Nigel Shelby was 15 years old with a personality bubbling over with enthusiasm. He was always singing and dancing, his mother recently told a local television station. The Huntsville, Ala., high-schooler wished to one day be a performer.
“Nigel was the sweetest child,” Camika Shelby told WAFF.
Nigel was also gay, coming out to his mother two years ago. The freshman’s sexuality made him the target of bullying inside the hallways and classrooms at Huntsville High School. That abuse, combined with depression, propelled Nigel to take his own life last Thursday, according to his mother.
“Coming out at such a young age, it can be hard. You don’t know if you are going to be accepted. He didn’t know if I was going to accept him,” Shelby said. “And when you have a kid who is already depressed and going through a lot emotionally, for you to call him names that you shouldn’t call him or say stuff to them, it sometimes has a worse effect than it would on a child who is not struggling with depression.”
Nigel’s death sparked a larger conversation in his community and beyond about sexual identity and bullying. Huntsville City Schools Superintendent Christie Finley on Monday urged the school board that “as adults, we have to do more than simply teach these values; we have to model them.” Presidential hopeful Sen. Cory Booker (D-N.J.) tweeted out that his “heart breaks for Nigel and his family.”
But the same intolerance that may have played a role in Nigel’s death also has cropped up in the wake of his suicide.
A local sheriff’s deputy is accused of leaving comments on a social media post about Nigel’s suicide that not only mocked his death but the wider LGBTQ community — a sign that even a teenager’s tragic death is not off limits to angry reactions in the current powder-keg political climate.
The deputy — identified by NBC News as Madison County Deputy Jeff Graves — has not publicly commented on the situation and could not immediately be reached for comment.
The deputy’s post began by mocking the LGBTQ label.
“Liberty Guns Bible Trump BBQ,” the deputy wrote, according to an image obtained by WAFF. “That’s my kind of LGBTQ.”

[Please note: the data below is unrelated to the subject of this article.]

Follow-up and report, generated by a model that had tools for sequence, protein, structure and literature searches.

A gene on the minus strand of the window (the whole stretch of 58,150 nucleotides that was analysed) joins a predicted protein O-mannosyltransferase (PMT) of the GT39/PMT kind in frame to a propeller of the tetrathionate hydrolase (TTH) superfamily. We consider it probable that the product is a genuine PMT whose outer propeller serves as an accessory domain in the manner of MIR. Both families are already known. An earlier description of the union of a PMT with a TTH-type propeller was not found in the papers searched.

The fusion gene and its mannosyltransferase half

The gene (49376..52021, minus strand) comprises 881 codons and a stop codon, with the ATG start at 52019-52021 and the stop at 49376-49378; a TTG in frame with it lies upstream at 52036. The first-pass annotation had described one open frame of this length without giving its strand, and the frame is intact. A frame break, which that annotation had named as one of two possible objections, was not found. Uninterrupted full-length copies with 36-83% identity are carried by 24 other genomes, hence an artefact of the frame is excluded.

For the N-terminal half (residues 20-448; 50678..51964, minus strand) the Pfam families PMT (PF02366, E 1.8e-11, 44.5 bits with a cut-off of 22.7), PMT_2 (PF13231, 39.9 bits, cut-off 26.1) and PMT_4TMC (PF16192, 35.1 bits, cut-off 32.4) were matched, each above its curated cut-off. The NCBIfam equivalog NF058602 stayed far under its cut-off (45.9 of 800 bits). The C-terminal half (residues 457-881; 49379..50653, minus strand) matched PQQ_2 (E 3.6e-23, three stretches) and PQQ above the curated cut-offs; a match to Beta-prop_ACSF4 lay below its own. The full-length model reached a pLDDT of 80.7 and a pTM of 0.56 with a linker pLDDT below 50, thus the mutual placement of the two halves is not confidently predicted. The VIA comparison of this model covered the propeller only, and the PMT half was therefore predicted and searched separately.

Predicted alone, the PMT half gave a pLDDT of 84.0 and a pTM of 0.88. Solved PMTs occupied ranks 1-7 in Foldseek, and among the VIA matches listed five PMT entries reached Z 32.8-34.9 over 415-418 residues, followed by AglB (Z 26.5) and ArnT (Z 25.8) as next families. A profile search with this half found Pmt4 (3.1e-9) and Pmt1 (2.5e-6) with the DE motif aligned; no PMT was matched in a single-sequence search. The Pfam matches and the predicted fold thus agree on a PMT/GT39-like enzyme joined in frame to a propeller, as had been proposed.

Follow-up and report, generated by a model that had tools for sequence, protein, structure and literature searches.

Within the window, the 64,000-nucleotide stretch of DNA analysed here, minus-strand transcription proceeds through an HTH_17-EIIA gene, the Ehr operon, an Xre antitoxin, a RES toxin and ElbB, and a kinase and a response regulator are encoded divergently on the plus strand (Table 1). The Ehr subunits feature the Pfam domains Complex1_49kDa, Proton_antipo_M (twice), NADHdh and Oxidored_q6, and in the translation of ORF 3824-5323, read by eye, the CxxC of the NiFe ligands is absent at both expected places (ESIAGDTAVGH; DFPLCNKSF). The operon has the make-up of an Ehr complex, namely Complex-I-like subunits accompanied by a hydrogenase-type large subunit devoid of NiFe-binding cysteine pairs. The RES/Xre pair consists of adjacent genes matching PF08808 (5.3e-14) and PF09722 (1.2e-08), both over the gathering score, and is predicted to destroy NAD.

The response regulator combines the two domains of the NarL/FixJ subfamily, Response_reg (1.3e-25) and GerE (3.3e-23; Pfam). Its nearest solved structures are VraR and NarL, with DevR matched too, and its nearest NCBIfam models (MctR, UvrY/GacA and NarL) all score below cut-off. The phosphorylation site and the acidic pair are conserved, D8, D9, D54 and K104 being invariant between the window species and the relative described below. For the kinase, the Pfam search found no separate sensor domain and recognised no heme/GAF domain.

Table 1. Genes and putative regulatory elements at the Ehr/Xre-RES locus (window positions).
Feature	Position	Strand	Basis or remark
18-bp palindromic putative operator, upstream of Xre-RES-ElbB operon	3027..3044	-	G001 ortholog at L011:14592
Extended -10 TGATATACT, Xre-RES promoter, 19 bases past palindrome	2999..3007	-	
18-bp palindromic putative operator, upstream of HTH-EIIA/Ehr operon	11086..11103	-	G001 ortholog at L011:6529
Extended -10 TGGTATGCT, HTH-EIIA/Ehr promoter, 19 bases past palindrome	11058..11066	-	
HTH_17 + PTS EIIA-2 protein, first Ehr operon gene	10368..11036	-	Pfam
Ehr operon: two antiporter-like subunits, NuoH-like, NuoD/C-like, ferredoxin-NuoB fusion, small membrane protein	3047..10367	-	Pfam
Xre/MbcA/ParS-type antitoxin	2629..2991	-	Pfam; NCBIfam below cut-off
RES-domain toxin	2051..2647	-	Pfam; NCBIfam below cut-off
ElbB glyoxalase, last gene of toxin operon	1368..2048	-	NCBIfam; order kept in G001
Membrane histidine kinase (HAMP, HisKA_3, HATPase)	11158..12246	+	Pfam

The comment is similar to a Kentucky barbecue food truck that stirred controversy last week when it advertised a T-shirt featuring the same LGBTQ abbreviation.
Graves’s now-deleted post allegedly continued: “I’m seriously offended that there is such a thing as this movement. Society cannot and should not except this behavior. I have a right to be offended and will always be offended by this fake movement which requires no special attention but by people with an altered ego and fake agenda.”
Graves is on administrative leave pending the outcome of an internal audit. In a statement obtained by The Washington Post, Madison County Sheriff Kevin Turner confirmed the deputy’s behavior was under review.
“Bullying of any group or person in or outside of schools is unacceptable, and I welcome any and all efforts to raise awareness to bullying and bring bullying to a stop,” Turner said.
According to the statement from the Madison County Sheriff’s Office, Graves’s Facebook comment was brought to the attention of his superiors.
“The Sheriff’s Office has assigned these allegations to be audited with the information that has been provided to us,” the statement said. “The Sheriff’s Office holds all its employees to high standard, and the public can be assured that a thorough and complete audit will be conducted and appropriate action will be taken.”
Nigel’s death points to a larger demographic trend, with suicide rates among young African Americans increasing while dropping for white peers. Researchers reported last February in the Journal of Adolescent Health that LGBTQ teens are also more likely to die by suicide than heterosexuals of the same age, NBC News has reported.
Nigel’s mother told WAFF she hopes her son’s memory rises above the details that led to his death — and the controversy now surrounding the deputy’s actions.
“I don’t want him to be remembered as a kid who was bullied for being gay and who took his own life,” she said. “He was so much more than that. He was sunshine. He was just a great spirit to have around, and it just breaks my heart, because I feel like he had so much more love to give.”
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